1. Actually, this is not exactly accurate. Thanksgiving is a National day of mourning for many American Indians. These Pilgrims were not so friendly as we’ve been told. This is why many Native Americans today do not celebrate the landing of the Pilgrims or the European settlers who came after. The history is horrendous – for the Indian and is conveniently forgotten by the West. The Native Americans lost their lands, were treated like animals, and were moved from one reservation to the next until by circa 1896 about 90 percent of the Indians on the American continent died off from starvation or worse, by destroying their culture, their ways to exist off the land which was tied into their spiritual beliefs. There are no historical documents that any Native Americans were invited in 1621. After the alleged celebrations, relationships between the Pilgrims and the Indians deteriorated and led to many wars. Squanto, the Indian allegedly to have aided the Pilgrims was later sold into slavery in Spain. Nice people, hey? (source: The New York Times, ‘Most Everything You Learned About Thanksgiving Was Wrong’). Most people need to start reading the histories of the world they were never taught in school. Even a history Masters student at university has to dig deeper since the syllabuses will only list the'” appropriate” books the professor believes are relevant, which usually omit the other side of the historical explanation.
    At the service at Pieterskerk on 22nd November I am willing to wager they will only talk about the “merciful” Pilgrims and Europeans. But nothing about how they grabbed the land Native Americans lived for thousands of years on. Myths are much more pleasant.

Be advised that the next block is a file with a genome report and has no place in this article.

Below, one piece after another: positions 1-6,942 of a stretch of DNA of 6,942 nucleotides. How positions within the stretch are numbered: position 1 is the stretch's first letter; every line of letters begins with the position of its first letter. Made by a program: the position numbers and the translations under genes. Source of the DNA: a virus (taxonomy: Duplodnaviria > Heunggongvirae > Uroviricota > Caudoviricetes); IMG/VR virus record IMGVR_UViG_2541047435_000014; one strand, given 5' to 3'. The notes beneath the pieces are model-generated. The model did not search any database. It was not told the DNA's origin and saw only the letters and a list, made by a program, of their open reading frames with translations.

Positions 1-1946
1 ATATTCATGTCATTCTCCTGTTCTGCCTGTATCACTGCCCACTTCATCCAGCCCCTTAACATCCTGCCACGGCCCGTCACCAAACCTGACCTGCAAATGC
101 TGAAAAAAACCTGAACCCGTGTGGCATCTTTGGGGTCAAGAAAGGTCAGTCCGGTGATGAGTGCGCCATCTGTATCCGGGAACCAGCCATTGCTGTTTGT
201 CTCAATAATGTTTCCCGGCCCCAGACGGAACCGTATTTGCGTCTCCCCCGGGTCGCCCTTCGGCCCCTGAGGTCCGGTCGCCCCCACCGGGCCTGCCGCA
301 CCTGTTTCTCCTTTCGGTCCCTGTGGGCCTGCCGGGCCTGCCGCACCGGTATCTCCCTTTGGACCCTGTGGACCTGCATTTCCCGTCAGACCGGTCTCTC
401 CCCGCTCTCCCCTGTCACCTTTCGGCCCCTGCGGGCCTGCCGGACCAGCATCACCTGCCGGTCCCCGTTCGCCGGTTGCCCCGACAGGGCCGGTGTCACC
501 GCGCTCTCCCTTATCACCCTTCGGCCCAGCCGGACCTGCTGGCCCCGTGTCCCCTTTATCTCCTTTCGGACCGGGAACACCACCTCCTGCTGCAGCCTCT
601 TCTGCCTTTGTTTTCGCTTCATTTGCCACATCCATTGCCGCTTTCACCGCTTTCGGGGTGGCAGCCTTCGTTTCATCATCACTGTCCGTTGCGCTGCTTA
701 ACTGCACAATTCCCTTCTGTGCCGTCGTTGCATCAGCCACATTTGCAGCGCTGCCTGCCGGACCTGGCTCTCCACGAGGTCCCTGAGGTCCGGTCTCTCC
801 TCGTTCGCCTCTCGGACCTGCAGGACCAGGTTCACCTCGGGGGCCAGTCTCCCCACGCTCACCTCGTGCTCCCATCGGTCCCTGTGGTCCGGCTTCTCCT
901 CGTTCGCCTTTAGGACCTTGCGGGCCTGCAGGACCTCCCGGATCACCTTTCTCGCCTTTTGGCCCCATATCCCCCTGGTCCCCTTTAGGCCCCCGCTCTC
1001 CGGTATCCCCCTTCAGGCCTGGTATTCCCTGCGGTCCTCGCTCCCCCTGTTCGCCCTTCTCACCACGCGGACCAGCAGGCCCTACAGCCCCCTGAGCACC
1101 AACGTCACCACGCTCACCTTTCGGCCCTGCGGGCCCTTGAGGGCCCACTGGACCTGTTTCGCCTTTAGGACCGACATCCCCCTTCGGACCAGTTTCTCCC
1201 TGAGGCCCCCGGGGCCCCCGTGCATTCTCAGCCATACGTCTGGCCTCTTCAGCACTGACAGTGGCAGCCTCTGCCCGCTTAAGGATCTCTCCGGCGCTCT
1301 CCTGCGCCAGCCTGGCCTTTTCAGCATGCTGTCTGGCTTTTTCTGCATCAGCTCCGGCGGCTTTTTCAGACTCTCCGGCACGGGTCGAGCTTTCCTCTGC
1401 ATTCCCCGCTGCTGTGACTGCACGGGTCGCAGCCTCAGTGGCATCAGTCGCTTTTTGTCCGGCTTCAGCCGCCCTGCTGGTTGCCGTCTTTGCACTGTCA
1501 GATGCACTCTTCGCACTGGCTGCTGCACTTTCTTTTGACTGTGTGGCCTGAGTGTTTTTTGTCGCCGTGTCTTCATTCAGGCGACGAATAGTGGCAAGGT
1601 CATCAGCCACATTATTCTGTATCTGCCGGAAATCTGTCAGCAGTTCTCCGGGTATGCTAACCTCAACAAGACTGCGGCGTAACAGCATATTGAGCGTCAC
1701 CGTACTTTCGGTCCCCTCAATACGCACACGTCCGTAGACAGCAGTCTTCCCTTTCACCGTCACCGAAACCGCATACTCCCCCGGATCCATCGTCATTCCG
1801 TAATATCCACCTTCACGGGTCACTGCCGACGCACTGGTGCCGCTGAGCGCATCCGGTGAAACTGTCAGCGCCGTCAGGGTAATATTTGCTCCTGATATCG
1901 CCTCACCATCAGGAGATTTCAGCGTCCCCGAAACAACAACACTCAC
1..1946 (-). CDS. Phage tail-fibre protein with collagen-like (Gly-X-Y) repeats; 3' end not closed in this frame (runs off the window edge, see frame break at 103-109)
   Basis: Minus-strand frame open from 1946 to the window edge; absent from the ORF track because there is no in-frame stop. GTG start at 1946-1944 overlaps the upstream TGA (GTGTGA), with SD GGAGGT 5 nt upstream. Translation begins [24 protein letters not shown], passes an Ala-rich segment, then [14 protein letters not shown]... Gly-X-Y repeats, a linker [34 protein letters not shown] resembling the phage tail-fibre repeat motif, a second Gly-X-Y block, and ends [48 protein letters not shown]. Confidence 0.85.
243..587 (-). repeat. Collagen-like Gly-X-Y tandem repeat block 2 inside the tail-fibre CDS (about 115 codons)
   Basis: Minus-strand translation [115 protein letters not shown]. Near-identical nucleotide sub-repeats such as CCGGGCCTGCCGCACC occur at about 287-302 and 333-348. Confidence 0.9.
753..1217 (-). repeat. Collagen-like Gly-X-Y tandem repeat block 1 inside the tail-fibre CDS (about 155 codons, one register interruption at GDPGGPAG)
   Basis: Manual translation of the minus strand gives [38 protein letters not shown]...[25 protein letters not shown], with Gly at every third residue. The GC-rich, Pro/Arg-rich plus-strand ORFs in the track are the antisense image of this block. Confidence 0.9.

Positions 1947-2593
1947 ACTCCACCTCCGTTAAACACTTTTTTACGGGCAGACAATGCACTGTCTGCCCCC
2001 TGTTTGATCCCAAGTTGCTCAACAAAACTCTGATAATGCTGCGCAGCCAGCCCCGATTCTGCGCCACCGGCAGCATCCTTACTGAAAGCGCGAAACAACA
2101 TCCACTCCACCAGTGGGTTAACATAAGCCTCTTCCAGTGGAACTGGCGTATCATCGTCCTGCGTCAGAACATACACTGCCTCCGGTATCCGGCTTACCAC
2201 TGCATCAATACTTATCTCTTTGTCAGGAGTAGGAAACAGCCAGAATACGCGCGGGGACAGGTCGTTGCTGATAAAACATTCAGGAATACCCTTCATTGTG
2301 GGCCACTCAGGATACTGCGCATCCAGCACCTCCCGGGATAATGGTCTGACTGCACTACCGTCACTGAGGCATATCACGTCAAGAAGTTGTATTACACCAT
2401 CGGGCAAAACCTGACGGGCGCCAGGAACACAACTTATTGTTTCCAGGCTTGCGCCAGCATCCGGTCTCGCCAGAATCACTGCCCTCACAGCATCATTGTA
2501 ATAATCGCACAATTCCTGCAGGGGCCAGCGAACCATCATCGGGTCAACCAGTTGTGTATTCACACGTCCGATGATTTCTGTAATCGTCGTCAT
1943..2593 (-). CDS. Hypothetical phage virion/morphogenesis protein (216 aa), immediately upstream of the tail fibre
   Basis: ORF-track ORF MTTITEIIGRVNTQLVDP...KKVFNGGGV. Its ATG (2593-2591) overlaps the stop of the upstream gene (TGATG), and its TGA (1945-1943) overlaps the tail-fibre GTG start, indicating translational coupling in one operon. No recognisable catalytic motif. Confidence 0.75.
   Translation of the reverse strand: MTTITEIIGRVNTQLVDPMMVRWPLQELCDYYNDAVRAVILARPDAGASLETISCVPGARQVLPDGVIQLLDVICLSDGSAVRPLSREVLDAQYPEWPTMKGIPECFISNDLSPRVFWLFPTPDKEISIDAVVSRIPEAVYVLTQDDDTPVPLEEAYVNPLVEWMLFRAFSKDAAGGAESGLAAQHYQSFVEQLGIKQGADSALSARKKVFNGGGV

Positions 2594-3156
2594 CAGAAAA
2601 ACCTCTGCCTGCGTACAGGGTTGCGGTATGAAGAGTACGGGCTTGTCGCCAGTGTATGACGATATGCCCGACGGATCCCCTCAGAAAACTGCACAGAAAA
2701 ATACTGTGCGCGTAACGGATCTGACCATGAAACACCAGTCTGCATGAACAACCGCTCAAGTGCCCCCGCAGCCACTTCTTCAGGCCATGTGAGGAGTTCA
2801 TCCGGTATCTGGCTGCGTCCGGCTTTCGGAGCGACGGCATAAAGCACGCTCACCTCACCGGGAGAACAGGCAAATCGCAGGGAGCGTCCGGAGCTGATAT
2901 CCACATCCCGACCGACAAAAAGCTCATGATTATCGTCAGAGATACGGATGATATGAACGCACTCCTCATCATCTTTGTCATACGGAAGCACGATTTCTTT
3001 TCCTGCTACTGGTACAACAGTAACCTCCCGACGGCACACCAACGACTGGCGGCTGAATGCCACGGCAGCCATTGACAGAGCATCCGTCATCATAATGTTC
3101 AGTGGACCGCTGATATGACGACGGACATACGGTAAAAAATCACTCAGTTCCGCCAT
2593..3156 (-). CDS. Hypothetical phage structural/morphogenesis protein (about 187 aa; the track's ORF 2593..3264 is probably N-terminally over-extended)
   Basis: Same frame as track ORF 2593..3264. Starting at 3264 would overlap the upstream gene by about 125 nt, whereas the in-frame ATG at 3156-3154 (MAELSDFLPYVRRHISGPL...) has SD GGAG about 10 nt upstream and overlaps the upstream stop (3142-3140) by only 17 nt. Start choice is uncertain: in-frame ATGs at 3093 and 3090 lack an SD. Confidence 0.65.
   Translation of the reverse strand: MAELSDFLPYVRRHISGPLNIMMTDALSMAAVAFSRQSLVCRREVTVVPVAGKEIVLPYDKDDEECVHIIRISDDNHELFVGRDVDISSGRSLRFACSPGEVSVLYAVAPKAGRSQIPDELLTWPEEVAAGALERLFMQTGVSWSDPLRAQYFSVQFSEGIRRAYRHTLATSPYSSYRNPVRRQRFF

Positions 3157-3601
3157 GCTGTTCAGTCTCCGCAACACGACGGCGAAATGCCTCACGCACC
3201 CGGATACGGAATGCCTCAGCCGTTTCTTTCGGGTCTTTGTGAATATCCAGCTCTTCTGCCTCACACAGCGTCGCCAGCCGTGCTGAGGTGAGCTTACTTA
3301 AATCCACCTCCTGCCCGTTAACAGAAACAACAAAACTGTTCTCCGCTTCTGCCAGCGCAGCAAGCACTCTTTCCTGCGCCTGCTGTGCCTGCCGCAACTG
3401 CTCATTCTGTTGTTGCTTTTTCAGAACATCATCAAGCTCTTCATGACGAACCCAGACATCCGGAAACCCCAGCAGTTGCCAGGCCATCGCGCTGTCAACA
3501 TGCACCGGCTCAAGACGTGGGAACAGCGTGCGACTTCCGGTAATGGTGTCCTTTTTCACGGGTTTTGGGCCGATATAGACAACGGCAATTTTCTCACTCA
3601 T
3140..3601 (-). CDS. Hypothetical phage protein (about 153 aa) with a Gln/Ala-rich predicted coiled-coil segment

2. Nice compilation with impressive photography.
    Re the comment of Diderot: There is indeed some historical oversimplification in the account on this webpage, but myth busters would be well-advised to avoid creating new myths themselves. Squanto was a slave in Spain years before, not after, the Massachusetts Thanksgiving of 1621 (as a careful reading of the referenced New York Times article will show). There are indications that Indians did participate in some fashion in the feasting then. “Merciful” is not an adjective widely applied to people in colonial New England. The tragic and shameful history of what befell native Americans after the arrival of Europeans is indeed not well-understood by most or at least many people, but it has been extensively researched by scholars, and the history is multifaceted, not simply a matter of just two “sides,” one mythical and well-known, the other real and mostly unknown.

  3. Was there a lawsuit about 1910 where the house of Orange would have fallen if it wasn’t settled in ownership? Doing ancestor research!